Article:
Smack in the middle of a series of brutal physically demanding tests, that will challenge the Rams defense to slow down some of the league’s most potent run games, that group has aced its first two exams.
Smack in the middle of that success is a rookie, a rookie who doesn’t look the part either in terms of his imposing size or his performance.
While plenty of his Rams rookie brethren have earned accolades and weekly awards at their easier-to-judge positions, you might be hard-pressed to find a first-year player performing better than defensive tackle
“He’s healthy, he’s strong, there’s no sign of fatigue or anything like that,” coach Jeff Fisher said. “He’s using his hands much better week in and week out. He’s controlling his block and he’s on the right side of the block. And now that he’s learning to pass rush inside he understands that we’ve got great edge speed and all you need to complement that edge speed with is inside push and that’s what he’s giving us.”
Brockers ascent has been a steady one since he returned from a high ankle sprain suffered in the team’s preseason finale. That injury slowed his progress a bit but he seems to be hitting his stride at just the right time as the Rams still must face the league’s first, third and second leading rushers in consecutive weeks to close out the season.
“You know Brockers has been playing well,” assistant head coach Dave McGinnis said. “Early on in the year, a high ankle sprain in this league and in this business is a serious deal, especially for a young defensive player that was just learning techniques. He and (defensive line coach Mike Waufle) had worked about to where they wanted with the progression of his development and then you get a high ankle sprain and you’ve pretty much got to start all over again. Michael Brockers is an excellent, excellent football player and we’re extremely happy that he’s here.”
That happiness has never been more evident than the past two weeks. Last week against the Niners and running back Frank Gore, Brockers posted an eye-popping 11 tackles, a number that usually comes over the course of three games or so for someone playing nose tackle.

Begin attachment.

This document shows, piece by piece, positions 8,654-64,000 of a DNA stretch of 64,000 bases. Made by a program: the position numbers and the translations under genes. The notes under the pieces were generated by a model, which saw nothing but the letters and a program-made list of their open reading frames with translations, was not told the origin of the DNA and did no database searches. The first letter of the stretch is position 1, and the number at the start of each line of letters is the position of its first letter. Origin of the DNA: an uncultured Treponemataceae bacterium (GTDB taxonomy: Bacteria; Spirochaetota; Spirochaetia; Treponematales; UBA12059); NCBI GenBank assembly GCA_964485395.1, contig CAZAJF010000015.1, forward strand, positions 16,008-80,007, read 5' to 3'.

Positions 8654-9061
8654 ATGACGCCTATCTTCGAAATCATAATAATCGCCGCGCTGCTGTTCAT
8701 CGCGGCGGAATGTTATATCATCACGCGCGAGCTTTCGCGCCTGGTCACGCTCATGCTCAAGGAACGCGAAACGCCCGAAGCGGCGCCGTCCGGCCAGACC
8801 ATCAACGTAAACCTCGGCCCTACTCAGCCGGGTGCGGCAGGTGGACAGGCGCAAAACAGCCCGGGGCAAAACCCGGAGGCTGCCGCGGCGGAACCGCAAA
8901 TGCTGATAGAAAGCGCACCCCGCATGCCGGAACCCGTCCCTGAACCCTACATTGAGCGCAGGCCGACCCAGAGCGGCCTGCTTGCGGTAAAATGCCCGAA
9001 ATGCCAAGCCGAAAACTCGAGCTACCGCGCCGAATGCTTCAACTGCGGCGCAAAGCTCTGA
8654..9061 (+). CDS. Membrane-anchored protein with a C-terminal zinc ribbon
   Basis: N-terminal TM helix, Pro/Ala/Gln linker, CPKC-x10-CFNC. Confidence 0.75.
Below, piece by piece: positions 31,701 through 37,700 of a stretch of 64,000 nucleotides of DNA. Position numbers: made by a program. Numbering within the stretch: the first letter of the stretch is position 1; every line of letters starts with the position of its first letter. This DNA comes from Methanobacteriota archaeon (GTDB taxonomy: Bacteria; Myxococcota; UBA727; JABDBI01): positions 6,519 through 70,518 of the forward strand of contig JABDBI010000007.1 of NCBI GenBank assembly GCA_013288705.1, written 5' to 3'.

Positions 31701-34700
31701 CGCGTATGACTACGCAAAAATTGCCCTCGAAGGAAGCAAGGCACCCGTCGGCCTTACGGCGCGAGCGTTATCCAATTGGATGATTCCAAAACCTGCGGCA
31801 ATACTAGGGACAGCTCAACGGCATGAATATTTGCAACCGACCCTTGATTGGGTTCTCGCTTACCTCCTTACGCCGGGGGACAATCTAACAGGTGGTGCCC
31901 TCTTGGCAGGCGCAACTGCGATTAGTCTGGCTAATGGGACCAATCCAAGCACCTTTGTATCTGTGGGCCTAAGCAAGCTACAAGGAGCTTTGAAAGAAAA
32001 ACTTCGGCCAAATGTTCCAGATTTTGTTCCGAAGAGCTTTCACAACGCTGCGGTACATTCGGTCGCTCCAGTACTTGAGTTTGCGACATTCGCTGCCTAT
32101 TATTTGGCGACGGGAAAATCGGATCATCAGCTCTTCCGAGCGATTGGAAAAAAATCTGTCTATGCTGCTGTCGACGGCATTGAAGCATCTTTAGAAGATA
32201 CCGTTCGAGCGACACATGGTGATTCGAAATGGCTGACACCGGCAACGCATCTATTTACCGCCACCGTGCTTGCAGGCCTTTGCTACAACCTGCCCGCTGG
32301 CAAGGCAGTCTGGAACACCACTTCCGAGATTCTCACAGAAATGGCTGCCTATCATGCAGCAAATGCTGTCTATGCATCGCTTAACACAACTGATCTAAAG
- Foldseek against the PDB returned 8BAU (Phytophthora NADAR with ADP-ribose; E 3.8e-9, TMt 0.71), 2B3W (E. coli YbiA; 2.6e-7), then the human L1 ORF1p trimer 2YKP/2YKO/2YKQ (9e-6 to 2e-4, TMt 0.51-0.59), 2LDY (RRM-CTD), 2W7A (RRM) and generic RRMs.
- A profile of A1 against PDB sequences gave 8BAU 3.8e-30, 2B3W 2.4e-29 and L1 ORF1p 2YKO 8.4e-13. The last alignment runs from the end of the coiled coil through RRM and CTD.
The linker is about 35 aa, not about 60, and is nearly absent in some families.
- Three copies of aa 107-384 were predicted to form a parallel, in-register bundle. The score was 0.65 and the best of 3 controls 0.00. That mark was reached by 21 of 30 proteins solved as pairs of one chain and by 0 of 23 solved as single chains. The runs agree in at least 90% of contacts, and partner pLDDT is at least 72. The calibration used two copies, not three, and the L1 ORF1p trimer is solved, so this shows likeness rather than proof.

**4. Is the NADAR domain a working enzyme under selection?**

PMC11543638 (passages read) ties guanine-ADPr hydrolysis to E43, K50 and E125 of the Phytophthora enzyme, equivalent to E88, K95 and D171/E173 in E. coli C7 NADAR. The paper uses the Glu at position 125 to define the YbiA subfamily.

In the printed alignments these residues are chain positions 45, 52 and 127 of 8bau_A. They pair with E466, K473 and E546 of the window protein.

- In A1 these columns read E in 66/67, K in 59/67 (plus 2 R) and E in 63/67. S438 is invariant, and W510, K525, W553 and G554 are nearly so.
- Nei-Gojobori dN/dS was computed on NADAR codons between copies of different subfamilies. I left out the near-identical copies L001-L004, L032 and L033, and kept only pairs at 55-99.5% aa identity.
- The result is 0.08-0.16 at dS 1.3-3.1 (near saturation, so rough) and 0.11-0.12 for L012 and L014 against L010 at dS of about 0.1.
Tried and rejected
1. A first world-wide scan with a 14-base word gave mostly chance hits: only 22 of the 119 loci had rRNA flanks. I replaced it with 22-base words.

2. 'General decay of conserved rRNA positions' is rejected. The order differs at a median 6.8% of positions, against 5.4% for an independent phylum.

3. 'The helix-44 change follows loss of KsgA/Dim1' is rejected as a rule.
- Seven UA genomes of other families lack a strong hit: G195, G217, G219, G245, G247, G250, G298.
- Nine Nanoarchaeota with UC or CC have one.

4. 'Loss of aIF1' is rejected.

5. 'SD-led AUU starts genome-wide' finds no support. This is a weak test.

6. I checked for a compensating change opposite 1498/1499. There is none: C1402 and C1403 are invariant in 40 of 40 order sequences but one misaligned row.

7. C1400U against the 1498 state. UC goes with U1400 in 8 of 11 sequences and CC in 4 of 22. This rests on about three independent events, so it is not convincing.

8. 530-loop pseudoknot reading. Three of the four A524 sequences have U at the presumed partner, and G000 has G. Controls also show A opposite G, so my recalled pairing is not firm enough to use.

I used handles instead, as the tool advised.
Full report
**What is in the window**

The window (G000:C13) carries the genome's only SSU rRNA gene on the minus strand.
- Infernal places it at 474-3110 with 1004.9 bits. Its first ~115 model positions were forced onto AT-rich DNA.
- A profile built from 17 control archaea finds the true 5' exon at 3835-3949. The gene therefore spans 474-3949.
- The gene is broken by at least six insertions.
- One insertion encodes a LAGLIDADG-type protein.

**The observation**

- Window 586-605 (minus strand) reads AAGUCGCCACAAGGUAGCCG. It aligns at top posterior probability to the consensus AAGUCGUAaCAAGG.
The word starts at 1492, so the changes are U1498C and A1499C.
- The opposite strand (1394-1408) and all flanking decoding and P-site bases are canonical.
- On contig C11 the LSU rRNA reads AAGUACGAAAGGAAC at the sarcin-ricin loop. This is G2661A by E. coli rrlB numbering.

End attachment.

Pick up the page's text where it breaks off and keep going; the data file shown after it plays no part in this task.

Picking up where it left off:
Brockers followed with a strong encore against Buffalo on Sunday when he posted six tackles, two quarterback pressures, two quarterback hits and a sack and a half against the Bills’ vaunted running game.
After missing the first three games because of that aforementioned injury, Brockers has made up for lost time. He’s got 48 tackles, four sacks, 12 quarterback pressures and four quarterback hits in 10 games. His tackle total ranks second among Rams defensive linemen, just one stop behind partner in crime
For many rookies, this time of year would be the time where they begin to wear down but Brockers seems to be finding ways to improve from week to week, answering the challenge of his coaching staff.
“As we get to the end, Coach is like ‘You have got to push to the finish and up your play level,’” Brockers said. “I feel like that’s what I’m doing and I’m feeling good about it.”
One week after holding San Francisco running back Frank Gore to 2.5 yards per carry on 23 attempts, the Rams shut down Buffalo’s fourth-ranked rushing attack and the two-headed monster of C.J. Spiller and Fred Jackson in even more impressive fashion.